Making time for multiplayer video games with friends matters – Polygon

These days, anybody who talks to me about video games hears a key phrase in my lexicon. “Oh, I watched my friend playing that at Gamer Night.” “I have to install it in time for Gamer Night!” “I finally finished it during Gamer Night last night.” Since 2020, my Thursday night has been Gamer Night, and it has changed everything for me.

This is not just me bragging about having friends, although I am very grateful to have them. If you were a lonely kid growing up, like I was, you can probably relate to how amazed I feel to have consistent friendships, let alone a yearslong standing commitment to meet up (virtually) with the same group of people every week. You might be thinking, I don’t have any friends who would want to do that. Or you might be thinking, We’re all too busy for that.

I thought all of those things, too, and not that long ago. Before it became enshrined in my life as a standing weekly commitment (albeit one that any of us can miss, since there are four of us, and Gamer Night is just as fun with three or two), the whole idea of Gamer Night seemed unnecessary and maybe even impossible, scheduling-wise. Before Gamer Night, I had more of a freewheeling approach to playing games. Every now and then, there’d be a cool multiplayer game I wanted to try, and I’d sometimes manage to convince a few friends to play it with me. That would always involve some irritating scheduling shenanigans, and it would almost never happen as often as any of us wanted it to. That was a perfectly fine way to live. But I had no idea how much better it could be.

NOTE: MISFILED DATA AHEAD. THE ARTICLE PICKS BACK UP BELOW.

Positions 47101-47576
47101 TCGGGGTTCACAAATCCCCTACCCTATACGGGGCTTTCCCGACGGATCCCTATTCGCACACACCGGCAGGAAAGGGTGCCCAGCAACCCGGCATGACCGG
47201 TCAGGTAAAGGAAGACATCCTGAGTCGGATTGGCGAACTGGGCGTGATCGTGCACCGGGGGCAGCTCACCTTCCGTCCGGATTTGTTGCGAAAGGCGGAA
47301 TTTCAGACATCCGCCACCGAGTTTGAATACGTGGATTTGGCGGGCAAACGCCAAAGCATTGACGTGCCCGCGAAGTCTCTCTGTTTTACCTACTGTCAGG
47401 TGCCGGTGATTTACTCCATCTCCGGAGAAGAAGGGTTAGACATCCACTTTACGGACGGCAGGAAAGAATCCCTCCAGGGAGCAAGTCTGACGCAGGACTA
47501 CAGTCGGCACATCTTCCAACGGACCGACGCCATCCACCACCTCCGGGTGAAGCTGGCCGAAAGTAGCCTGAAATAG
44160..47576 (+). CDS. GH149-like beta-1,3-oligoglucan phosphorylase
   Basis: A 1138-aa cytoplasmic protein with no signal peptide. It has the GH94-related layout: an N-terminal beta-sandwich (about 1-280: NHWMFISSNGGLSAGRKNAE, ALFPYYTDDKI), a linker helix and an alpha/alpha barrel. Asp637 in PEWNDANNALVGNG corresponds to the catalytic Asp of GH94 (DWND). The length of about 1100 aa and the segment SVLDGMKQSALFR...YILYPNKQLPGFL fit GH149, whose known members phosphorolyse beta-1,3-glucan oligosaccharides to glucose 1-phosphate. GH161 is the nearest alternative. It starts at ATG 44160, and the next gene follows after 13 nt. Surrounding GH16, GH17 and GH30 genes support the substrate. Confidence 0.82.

Gamer Night was born in my own life as the result of organizing a player group for a multiplayer game. It started in the fall of 2019, when two friends and I got super into Destiny 2, which has a lot of three-player co-op activities. This led to us trying some raids, which are more high-intensity cooperative multiplayer activities in Destiny 2 that require six people and therefore a lot of scheduling coordination. In the end, that was far too much of a lift for us all to maintain, but in the process, we landed on a weekly night for four of us who cared most about the idea of getting together consistently in a Discord voice call and gaming together. We chose to call it “Gamer Night” because it was funny. It stuck.

It didn’t take long for Gamer Night to evolve into an even more ideal format. It’s no longer a weekly event for multiplayer games — not necessarily, anyway. It’s still a night for playing games with friends, but that doesn’t necessarily mean all of us are playing the same game. We might be playing four totally different games. Two of us might be playing an Overwatch 2 match together while somebody else watches the match and the fourth person plays Elden Ring. Three of us might watch a fourth person playing Dark Souls, offering advice as needed, or just shooting the breeze about our lives. All four of us might not even play a game at all and instead just watch a Twitch stream of a game and talk shit about it. All of these activities are Gamer Night.

Perhaps the most important part of this is that Gamer Night is only two hours, at least for me. I show up at 7:30 p.m. and I leave at 9:30 p.m. (Tragically, I have found that if I play a video game too late into the night, I can’t sleep — hence the early sign-off for the sake of my sleep hygiene.) Sometimes my friends start earlier or they end later, and as I said before, sometimes one of us can’t be there. But it almost always happens, because the results are rewarding. The point originally was to have a time to play games together, especially multiplayer games, without the scheduling hassle — but it’s ended up being something that has bonded the four of us together even more than when we started, which is impressive given that we all already liked each other quite a bit.

And so I leave you with this directive: Schedule a weekly Gamer Night. It’s two hours — it starts when you’re done eating dinner, and it ends before you need to get ready for bed. You’re making the time to play video games, which is fun, but you’re really making the time to be with your friends, which is even better. You won’t regret it.

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